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More child asylum seekers arrive in Dover as Home Office faces threat of legal action from Kent County Council


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More asylum seeker children have come into Dover after crossing the English Channel today (Monday) as local children’s services say they are at breaking point.

One young boy was said to be seen coming in, in bare feet.

People arrive in Dover following a small boat incident in the Channel. Picture: Gareth Fuller/PA
People arrive in Dover following a small boat incident in the Channel. Picture: Gareth Fuller/PA

The arrivals were first reported in national media and KentOnline.

The Home Office has now told Kent Online that the French intercepted two crossing,s preventing 55 people entering Britain.

Meanwhile UK authorities dealt with three events involving 93 people.

A spokesman said: "More than 4,000 people have been prevented from making the dangerous crossing so far this year and we are cracking down on the despicable criminal gangs behind people smuggling."

But Kent County Council has threatened legal action against the Home Secretary, saying it faces extreme pressure on its services for unaccompanied child migrants.

Meanwhile, Home Secretary Priti Patel told MPs that people are “absolutely fed up and demoralised” by the number of migrants crossing via the English Channel.

A group of people are brought in to Dover.Picture: Gareth Fuller/PA
A group of people are brought in to Dover.Picture: Gareth Fuller/PA

Also today police confirmed that the body of a baby found on a Norwegian beach is that of a Kurdish-Iranian boy who went missing in the English Channel last October.

Fifteen-month-old Artin was on board an overcrowded migrant boat heading for the UK with his parents and two siblings when it capsized, claiming all five of their lives.

His family, confirmed dead at the time, were his brother and sister Armin and Anita and parents Rasoul Iran-Nejad and Shiva Mohammad Pahani.

Artin's body is set to be returned to his family in his home country of Iran, Norwegian police told the PA news agency.

The family had sold their house before leaving Iran and paid £14,000 to get on to the boat, with a further £8,200 supposed to be due when they arrived safely in the UK.

"These children are completely alone and incredibly vulnerable..."

Kent County Council is threatening Priti Patel with legal action in a row about what happens to unaccompanied children who arrive in the town seeking asylum.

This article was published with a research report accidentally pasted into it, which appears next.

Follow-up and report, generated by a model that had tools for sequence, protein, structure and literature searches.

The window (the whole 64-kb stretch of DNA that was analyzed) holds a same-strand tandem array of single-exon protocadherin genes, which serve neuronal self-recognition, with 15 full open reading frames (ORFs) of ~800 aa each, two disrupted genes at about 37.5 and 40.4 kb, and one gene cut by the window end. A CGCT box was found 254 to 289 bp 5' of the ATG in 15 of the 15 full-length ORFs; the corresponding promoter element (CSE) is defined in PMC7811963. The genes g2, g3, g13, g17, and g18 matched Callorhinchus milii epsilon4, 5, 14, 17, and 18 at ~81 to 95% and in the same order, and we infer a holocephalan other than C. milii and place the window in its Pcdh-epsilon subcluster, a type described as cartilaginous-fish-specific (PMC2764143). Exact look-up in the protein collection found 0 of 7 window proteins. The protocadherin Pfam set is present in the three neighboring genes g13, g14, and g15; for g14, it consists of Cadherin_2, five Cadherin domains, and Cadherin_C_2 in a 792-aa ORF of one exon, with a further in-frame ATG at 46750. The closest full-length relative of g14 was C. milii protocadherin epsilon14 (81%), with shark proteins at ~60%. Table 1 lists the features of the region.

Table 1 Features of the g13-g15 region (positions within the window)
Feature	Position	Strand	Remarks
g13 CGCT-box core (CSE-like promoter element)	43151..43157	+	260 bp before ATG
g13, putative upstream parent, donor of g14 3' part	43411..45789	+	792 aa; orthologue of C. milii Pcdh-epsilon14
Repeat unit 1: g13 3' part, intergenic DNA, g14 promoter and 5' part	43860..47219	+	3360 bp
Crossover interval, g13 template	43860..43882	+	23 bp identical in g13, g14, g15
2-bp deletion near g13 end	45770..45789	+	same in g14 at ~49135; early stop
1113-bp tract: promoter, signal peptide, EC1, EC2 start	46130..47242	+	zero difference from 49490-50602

The authority said it may no longer be able to accept new unaccompanied asylum-seeking children within days. Council leader Roger Gough has said social workers are dealing with double the number of children deemed safe.

Its proposed judicial review asks Ms Patel to use existing powers to direct local authorities other than Kent to receive their fair share of Unaccompanied Asylum Seeker Children.

The council has served the Home Office a "Letter Before Action" after warning they are at "breaking point" and could be forced to refuse any more children "within days."

Clare Moseley, founder of migrant charity Care4Calais, said: “These children are completely alone and incredibly vulnerable.

Home Secretary Priti Patel. Picture: Home Office
Home Secretary Priti Patel. Picture: Home Office

“They have arrived in the UK after making a dangerous journey that would terrify most adults.

“The Government has a duty of care but once again it appears that legal action is the only way to make the Home Secretary to recognise this.”

Speaking to MPs, Ms Patel said her French counterparts “absolutely must do more” to respond to migrant numbers and reduce the chances of people attempting to cross the Channel.

Her remarks came as several Conservative MPs put pressure on the UK Government to act, with Border Force described as “little more than a taxi service for illegal migrants.”

Meanwhile, MPs today heard the Home Secretary’s decision on whether she would appeal against the High Court ruling on Napier Barracks was “imminent.”

Six asylum seekers previously housed in the former army barracks in Folkestone won a legal challenge against the Government last week after a judge ruled their accommodation was inadequate.

Home Office permanent secretary Matthew Rycroft said the department was studying the judgment “carefully” and “will work out what it means for our ongoing use of the barracks.”

The issue of asylum seekers landing in Kent has continued for years.

In most cases they are rescued in small boats by the Border Force and brought to Dover Western Docks fro interview and processing.

Sometimes they have landed by themselves in areas such as Kingsdown near Deal and Romney Marsh and been taken in by British authorities.

Read more: All the latest news from Dover

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